Western blot analysis of chitinase induction in healthy and infected rice cultivars 72 h after inoculation with R. solani: aLanes 1, and 2, Dudruchi infected and healthy; lanes 3, and 4, Khatochalani infected and healthy; lanes 5 and 6, IR72 infected and healthy; lanes 7, and 8, IR58 infected and healthy; bLanes 1 and 2, Betichikon infected and healthy, lanes 3 and 4 Kakua infected and healthy. The sizes of the marker are on the left

Formation of infection cushions

The numbers of infection cushions on the leaves and sheaths were significantly different among the eight cultivars. The number of infection cushions on the leaf was nearly the same as those on the sheath. The numbers of infection cushions formed were significantly lower in group 1 cvs, Betichikon, Dudruchi and Khatochalani (Table 1).
Table 1

Number of infection cushions on detached leaves and sheaths of rice plants 72 h after inoculation with R. solani

Cultivars

No. of infection cushions cm−2 (72 h after inoculation)

Leafa

Sheathb

Average

Betichikon

139.9 ac

139.0 a

139.1 a

Dudruchi

150.9 a

165.2 b

158.1 b

Khatochalani

170.7 b

179.1 b

171.9 c

Padi PulutMalat

219.3 c

225.1 c

222.2 d

Kakua

335.9 d

332.4 d

331.0 e

IR 72

376.1 e

369.6 e

372.9 f

Khakibinni

372.1 e

375.9 e

374.0 f

R 58

578.4 f

494.5 f

536.3 g

Mean

292.9

285.0

 

aNo. of infection cushions cm−2 leaf 72 h after inoculation

bNo. of infection cushions cm−2 sheath 72 h after inoculation

cMeans followed by common letters are not significantly different at 5% level by DMRT

Relationship between chitinase activity, infection cushion formation and % RLH

Percent RLH and chitinase activity were negatively correlated (R2 = 0.931; Fig. 5a). Chitinase activity and the number of infection cushions formed were also negatively correlated (R2 = 0.922) indicating that the causal relationship between sheath blight disease resistance was correlated with an increase in chitinase activity (Fig. 5b).
https://static-content.springer.com/image/art%3A10.1007%2Fs10658-007-9199-4/MediaObjects/10658_2007_9199_Fig5_HTML.gif
Fig. 5

Relationship between chitinase activity and a % RLH, and b number of infection cushions formed, in eight rice cultivars representing the four different groups (Mean of two experiments)

Discussion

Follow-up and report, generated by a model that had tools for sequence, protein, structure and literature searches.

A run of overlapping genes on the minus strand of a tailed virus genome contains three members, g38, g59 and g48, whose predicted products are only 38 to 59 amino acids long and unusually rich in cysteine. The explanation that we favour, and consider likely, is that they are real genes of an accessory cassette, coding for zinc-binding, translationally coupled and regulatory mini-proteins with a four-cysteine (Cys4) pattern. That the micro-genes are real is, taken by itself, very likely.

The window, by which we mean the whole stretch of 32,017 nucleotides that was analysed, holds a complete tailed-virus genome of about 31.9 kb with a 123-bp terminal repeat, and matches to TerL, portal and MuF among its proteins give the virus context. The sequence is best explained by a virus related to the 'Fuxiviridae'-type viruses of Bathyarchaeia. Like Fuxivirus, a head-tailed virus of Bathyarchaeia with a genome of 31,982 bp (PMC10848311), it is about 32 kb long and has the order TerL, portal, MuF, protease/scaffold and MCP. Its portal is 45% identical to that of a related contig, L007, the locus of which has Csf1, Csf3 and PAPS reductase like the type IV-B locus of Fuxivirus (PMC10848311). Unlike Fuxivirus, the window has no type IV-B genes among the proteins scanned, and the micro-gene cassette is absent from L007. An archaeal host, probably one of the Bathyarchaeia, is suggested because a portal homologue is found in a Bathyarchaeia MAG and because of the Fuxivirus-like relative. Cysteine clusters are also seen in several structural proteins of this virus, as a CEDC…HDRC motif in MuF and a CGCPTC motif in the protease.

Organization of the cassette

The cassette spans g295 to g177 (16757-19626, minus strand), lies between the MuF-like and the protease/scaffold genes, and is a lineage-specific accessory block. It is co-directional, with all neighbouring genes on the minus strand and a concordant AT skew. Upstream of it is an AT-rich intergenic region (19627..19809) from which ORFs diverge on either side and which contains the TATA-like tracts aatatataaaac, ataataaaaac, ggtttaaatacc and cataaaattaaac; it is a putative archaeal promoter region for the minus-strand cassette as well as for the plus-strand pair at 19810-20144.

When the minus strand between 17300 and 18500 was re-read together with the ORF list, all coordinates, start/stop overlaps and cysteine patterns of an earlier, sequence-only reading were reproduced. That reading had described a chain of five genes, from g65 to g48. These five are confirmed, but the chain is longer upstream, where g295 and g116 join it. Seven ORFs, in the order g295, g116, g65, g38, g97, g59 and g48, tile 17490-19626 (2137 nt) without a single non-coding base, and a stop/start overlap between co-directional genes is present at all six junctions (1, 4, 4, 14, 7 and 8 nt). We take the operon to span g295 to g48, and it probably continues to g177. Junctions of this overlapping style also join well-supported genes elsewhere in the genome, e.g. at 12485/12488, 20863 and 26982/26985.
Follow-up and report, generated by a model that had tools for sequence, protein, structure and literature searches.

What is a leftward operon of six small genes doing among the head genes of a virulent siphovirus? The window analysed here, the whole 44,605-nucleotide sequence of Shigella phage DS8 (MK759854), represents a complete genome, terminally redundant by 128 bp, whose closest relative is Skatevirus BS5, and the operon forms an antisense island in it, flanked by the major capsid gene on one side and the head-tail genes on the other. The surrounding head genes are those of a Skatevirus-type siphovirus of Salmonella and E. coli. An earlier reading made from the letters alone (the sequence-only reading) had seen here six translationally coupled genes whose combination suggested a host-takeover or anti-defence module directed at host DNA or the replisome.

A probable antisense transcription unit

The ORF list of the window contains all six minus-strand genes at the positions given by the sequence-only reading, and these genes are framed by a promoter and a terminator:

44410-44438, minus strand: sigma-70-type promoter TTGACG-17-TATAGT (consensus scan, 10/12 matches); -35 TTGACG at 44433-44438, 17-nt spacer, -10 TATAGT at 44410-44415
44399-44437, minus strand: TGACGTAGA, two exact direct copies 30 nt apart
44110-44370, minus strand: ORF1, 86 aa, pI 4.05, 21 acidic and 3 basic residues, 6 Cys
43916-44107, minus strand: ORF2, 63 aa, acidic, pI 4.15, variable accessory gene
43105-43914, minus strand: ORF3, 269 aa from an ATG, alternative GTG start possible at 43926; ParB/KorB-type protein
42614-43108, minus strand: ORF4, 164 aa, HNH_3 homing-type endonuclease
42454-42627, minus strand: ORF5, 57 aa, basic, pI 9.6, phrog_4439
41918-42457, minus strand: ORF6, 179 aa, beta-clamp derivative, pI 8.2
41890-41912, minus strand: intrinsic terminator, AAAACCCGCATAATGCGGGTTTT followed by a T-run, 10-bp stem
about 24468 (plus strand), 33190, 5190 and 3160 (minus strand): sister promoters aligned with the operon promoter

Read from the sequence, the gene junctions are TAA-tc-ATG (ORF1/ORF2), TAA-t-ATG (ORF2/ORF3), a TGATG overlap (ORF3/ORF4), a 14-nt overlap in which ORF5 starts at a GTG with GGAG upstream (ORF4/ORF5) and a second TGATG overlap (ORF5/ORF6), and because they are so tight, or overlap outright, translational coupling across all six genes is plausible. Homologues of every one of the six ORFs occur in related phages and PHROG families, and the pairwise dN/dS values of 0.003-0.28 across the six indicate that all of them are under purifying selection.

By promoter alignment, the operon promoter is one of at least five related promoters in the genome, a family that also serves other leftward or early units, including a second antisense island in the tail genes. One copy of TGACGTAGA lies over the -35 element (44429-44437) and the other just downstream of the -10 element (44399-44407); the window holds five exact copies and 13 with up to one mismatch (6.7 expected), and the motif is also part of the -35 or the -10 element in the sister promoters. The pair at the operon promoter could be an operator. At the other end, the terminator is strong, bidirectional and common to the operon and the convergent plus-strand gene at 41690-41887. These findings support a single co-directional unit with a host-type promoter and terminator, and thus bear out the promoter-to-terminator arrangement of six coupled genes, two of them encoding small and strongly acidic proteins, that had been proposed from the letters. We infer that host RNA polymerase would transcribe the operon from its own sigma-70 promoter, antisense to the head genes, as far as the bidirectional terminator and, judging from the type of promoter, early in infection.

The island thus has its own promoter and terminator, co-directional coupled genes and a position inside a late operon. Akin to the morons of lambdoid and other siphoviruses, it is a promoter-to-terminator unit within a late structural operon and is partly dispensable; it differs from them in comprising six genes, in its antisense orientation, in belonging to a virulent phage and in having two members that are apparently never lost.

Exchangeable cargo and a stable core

Although there were differences in the levels and time-course of chitinase induction among the different rice cultivars evaluated, chitinase activity was significantly elevated in most infected plants as compared to their healthy controls. The moderately resistant cultivars showed an increase in activity within 24 h after inoculation whereas the susceptible cv. IR58 exhibited an increase in chitinase activity only 36 h following inoculation. Similar observations have been reported previously in other plants demonstrating that chitinase activity in resistant cultivars was higher and accumulated earlier than in susceptible cultivars (Rasmussen et al. 1992; Ignatius et al. 1994; Neha et al. 1994). In rice, Anuratha et al. (1996) detected more isozymes and higher concentrations of chitinases in moderately resistant cultivars compared to a susceptible cultivar 24 h after infection with R. solani. Two size classes of chitinases (28 and 35 kDa) were induced in rice (Anuratha et al. 1996; Nandakumar et al. 2001; Radiacommare et al. 2004), and these two classes of chitinases were also found in this study. In most rice cultivars tested in our study these size bands were not visible in healthy plant extracts, but were present in inoculated leaves. But in Khatochalani, we found a faint chitinase band in uninoculated plants. Even in these cultivars the chitinase levels increased further after R. solani infection. These observations suggest that chitinase activity in rice was induced after R. solani infection and that chitinase levels may contribute to the resistance of these cultivars to sheath blight. Similar kinds of results were observed when plants were inoculated with R. solani by Radiacommare et al. (2004). This is similar to the results observed in melon plants, where chitinase contributed to increased resistance of the plants against infection by Colletotrichum lagenarium (Roby et al. 1988). In the case of IR58, even though the induced chitinase activity was more in susceptible plants as compared to healthy plants, the expression of the 35 kDa chitinase in the Western blot was low. From this we can conclude that the expression of 35 kDa chitinase might be the main contributing factor to disease resistance.